So, as I join the throng of youth leaders this spring preparing to lead multiple short-term student teams, I would like to give three key lessons to teach our students during training that will help shift their mindset from a one-week preparation, to perseverance for a lifetime.
Teach them to love God
I will admit, this first point might seem misplaced. When it comes to short-term trips, many student ministries have a rigorous application process for their students. Their teams are often comprised of some of the strongest students in the ministry; shouldn’t we already know what our students love God?
What I am suggesting here is not in terms of salvation, but affection.
When preparing to go, it is easy to fall into the grandeur of crossing cultures, and all we talk about is the trip itself, even in our trainings. However, what I am suggesting is that we first talk about God and then about missions. If we talk about missions first, or only, it will likely come across as just another program or trip.
If we want to make the most of the discipleship opportunity we have with our students through these short-term trips, we must help them to see their going as more than one trip or event, but as an act of obedience toward their Savior and King. The New Testament is the inauguration of God’s call to His people to be His witnesses through the power of His Spirit. As we continually point our students – even our “strongest” students – toward the glory of God, with our aim being a deepening of their affections toward God and the gospel, their “going” will become more than a call for the moment but a command for their lives as disciples of Christ.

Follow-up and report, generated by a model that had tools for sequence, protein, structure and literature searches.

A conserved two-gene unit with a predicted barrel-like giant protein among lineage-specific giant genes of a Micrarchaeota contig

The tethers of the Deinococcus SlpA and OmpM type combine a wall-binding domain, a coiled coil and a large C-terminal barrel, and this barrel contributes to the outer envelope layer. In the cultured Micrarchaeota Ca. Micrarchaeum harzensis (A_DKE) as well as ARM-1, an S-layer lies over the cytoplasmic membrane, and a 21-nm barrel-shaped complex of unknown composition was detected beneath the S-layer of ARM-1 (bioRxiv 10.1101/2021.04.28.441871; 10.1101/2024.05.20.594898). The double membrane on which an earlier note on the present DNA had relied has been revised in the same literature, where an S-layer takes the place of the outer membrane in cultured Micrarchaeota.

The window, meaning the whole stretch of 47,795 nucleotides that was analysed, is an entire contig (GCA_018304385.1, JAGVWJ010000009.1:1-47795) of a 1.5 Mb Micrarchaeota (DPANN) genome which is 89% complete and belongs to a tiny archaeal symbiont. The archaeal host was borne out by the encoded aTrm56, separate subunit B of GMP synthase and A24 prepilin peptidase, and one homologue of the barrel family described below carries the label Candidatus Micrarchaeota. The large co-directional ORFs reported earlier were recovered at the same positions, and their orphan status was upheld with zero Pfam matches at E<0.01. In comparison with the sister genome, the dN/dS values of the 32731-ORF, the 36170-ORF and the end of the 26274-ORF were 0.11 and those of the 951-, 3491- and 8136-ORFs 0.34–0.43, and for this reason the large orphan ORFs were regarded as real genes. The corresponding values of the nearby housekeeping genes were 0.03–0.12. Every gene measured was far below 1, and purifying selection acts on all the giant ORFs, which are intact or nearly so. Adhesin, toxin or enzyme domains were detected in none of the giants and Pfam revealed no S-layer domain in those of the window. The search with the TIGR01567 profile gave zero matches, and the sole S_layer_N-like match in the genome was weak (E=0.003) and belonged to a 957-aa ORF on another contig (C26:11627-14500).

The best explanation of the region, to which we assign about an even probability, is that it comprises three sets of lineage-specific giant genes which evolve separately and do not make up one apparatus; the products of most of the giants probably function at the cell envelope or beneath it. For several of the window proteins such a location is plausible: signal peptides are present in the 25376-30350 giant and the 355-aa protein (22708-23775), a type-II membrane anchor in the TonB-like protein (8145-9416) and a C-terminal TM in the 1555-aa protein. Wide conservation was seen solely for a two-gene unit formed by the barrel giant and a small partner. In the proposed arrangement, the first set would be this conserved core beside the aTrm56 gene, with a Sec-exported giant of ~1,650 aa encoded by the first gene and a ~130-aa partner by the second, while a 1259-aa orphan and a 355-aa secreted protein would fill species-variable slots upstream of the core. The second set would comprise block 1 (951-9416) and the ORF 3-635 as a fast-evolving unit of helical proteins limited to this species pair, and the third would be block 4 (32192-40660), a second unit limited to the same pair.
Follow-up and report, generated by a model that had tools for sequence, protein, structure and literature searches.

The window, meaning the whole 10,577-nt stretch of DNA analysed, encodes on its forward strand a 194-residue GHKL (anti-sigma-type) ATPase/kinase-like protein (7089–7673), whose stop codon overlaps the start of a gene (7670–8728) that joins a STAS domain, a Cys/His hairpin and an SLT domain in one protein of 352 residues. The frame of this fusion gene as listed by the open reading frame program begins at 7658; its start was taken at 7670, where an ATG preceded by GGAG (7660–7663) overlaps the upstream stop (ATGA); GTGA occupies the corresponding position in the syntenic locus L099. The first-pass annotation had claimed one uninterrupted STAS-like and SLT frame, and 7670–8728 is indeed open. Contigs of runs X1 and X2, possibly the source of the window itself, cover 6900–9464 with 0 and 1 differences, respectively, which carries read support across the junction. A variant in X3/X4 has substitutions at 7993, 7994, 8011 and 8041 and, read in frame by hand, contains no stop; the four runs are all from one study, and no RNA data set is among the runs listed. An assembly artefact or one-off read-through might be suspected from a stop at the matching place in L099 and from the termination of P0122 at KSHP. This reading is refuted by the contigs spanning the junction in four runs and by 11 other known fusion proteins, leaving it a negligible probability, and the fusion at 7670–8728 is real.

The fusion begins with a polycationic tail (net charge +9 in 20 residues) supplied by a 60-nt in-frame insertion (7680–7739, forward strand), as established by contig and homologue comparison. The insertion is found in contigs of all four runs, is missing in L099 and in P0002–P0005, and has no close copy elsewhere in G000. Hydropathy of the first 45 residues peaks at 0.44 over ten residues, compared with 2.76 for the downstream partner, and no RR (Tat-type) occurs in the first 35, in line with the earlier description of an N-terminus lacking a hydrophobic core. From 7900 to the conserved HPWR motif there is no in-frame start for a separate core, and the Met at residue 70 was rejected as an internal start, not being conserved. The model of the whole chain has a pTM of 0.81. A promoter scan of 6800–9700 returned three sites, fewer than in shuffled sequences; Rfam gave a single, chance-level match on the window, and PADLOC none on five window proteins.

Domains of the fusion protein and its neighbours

Teach them to care for suffering, especially eternal suffering
For three years, I lead student teams on short-term trips in one of the world’s most impoverished countries. Over that time, I fell deeply in love with the people and the culture. The people we served had some of the sweetest fellowship between believers, a small, but thriving church, and a movement of the gospel like I had never seen. Yet, at the end of each trip, the number one take-away teams would report back home was their amazement at how little the people had and their gratitude for the material blessings they did have.